1. yagr
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    yagr Contributing Member

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    That comma is unnecessary

    Discussion in 'Word Mechanics' started by yagr, Aug 27, 2014.

    I'd love to give a concrete example, but without voice inflection I'm afraid doing so is just going to muddy the waters. So here I go trying to explain without an example:

    Often I'll use a comma in one place or another, and someone will come along and say something like, "Oh, you don't need a comma there." Then they'll go on to read the sentence and announce, "See, no pause."

    That's not how I intended the sentence to read. I intended to have a pause there. It's my character's voice. He may not speak exactly the way you do, or put emphasis the same places that you do - but he is not wrong to do so. I put comma's in (amongst other reasons) to show where the pauses are, not to have someone ignore them and change the nature and meaning of the sentence.

    So what do you do? How do you keep editors from correcting non-errors?
     
  2. Kat Hawthorne
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    Kat Hawthorne Member

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    Commas are the editor's nemesis. Seriously, there is more debate about comma usage than any other mark of punctuation. Take a glance in The Chicago Manual of Style, and you will see the pages and pages of recommendations for the comma.

    The trouble is that commas can change the meaning of a sentence; they can change a sentence from restrictive to nonrestrictive. Hmm ... I wrote an example of this in another thread yesterday. Well, here's another for this thread:

    The ball belonged to the dog, that had just arrived from the pound.

    This sentence says that there is one dog, and he just arrived from the pound. See that? Now compare that to this:

    The ball belonged to the dog that had just arrived from the pound.

    Now, we have multiple dogs, but the ball only belongs to the one who just arrived from the pound, not the others who arrived from someplace else.

    Here's another example of how a comma can change the meaning of a sentence. (This one I didn't come up with. It's kinda well known but illustrates the point perfectly.)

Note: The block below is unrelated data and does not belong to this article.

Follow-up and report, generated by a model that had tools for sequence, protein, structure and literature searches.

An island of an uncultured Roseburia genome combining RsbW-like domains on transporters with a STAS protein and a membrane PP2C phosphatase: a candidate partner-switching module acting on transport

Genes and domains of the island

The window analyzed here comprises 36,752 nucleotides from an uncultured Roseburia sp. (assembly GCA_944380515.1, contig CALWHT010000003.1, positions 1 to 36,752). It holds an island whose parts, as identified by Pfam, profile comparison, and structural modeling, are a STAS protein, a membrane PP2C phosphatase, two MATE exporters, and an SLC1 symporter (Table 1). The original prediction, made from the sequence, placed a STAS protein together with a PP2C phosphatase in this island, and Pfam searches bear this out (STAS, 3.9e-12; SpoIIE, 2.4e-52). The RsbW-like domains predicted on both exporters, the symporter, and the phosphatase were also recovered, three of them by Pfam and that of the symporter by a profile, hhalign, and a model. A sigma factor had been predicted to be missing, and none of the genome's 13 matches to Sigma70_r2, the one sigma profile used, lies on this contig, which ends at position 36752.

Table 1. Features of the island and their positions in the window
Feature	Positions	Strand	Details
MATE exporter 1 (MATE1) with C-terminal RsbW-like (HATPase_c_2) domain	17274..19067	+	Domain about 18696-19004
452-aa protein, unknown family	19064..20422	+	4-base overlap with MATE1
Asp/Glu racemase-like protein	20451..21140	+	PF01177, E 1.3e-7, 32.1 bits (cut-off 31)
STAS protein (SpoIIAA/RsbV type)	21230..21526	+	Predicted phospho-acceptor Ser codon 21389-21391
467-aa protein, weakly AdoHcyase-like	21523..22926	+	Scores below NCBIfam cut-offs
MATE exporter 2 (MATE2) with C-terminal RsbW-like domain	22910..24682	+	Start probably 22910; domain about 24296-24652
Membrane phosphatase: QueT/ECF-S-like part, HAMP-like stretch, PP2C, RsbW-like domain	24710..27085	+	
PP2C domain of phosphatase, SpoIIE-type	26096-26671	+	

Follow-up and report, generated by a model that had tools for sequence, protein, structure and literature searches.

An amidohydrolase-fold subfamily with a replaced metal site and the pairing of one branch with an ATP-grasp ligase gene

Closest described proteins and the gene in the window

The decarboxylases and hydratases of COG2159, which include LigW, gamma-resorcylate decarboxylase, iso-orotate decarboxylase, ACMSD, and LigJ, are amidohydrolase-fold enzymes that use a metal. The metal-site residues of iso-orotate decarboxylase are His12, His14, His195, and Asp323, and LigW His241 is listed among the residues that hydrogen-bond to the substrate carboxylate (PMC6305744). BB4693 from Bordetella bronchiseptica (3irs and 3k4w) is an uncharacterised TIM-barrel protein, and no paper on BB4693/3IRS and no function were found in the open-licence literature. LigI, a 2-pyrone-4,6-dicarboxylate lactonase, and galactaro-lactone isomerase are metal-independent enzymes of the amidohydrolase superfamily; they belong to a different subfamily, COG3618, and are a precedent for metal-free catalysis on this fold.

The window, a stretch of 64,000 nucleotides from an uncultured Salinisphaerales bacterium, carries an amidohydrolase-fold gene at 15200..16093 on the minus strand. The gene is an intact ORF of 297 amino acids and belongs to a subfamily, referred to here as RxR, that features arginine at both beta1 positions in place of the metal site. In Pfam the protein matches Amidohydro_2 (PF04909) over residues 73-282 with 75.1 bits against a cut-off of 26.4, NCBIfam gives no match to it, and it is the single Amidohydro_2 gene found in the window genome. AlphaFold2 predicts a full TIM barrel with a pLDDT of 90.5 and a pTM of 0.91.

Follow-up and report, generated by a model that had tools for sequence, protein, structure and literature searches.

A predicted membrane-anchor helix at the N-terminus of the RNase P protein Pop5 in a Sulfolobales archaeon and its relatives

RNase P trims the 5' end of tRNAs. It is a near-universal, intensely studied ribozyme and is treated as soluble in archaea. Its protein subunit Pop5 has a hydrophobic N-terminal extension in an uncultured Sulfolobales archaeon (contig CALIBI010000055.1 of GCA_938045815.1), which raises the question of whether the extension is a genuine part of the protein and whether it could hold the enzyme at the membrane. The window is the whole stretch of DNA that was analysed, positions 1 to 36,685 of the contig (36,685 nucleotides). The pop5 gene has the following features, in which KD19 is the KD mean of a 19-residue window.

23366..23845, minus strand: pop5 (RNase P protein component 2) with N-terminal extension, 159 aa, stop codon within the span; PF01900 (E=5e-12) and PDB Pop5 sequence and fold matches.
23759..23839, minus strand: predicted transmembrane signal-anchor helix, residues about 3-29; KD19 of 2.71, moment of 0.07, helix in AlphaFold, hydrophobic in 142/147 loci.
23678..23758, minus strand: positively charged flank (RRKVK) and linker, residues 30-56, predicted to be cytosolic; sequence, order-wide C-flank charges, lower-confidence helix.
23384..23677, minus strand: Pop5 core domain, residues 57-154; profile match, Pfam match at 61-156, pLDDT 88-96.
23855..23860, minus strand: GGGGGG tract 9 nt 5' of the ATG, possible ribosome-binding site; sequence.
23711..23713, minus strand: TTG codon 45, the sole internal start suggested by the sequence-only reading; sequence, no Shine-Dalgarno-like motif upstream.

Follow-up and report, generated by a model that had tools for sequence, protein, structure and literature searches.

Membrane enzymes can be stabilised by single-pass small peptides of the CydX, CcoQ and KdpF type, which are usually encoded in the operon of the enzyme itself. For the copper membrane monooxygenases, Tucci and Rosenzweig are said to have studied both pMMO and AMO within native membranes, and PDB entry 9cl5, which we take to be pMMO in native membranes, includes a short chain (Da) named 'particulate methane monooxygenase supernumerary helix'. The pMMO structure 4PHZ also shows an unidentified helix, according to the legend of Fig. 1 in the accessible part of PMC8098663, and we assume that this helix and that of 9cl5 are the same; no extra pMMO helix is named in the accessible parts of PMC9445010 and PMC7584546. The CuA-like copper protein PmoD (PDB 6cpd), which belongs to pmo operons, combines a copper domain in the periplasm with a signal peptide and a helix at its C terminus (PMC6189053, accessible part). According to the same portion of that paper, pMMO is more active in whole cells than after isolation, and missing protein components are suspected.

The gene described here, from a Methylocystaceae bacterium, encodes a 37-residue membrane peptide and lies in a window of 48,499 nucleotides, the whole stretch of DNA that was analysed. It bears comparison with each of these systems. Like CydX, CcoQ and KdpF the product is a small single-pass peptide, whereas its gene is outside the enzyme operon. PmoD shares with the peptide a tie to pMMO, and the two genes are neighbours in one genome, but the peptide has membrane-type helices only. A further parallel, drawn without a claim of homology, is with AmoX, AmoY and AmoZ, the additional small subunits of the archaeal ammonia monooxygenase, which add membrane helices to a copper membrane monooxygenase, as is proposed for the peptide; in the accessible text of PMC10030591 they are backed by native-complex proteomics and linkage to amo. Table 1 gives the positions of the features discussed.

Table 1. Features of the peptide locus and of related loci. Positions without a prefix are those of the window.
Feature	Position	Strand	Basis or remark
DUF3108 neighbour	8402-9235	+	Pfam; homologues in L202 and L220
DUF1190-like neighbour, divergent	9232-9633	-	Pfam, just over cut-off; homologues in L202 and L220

Let's eat, Grandpa!
    Let's eat Grandpa!

    The first sentence is someone inviting Grandpa to eat. The second is someone inviting his friends to eat Grandpa himself.

    Editors will not remove punctuation unless it messes with clarity. We are taught that in school. If it's superfluous but non harmful, we leave it as the author has written it. It's rare to change anything in dialogue unless there is an error with mechanics. Grammatical errors remain in dialogue in most cases, because that's how people talk. If you have a good editor, he or she will recognize when the comma is needed to illustrate your character.
     
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  3. Jaro
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    Jaro Active Member

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    This is something I've been fighting with for a long time. Especially when it comes to a character's dialog. I had asked a friend to read one of the first stories I had written a while back. It was roughly around 5-6,000 word or so, and featured a massive amount of spoken dialog. She took it upon herself to 'correct my mistakes' through the entire story, removing every comma she thought was unnecessary. You can't do that. It's one thing if it is an actual mistake, but sometimes a comma in the wrong place is supposed to be there.
     
  4. yagr
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    yagr Contributing Member

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    I could upgrade examples forever I suppose, but here's one:

    “So, you're interested in the martial arts,” came a voice from behind me.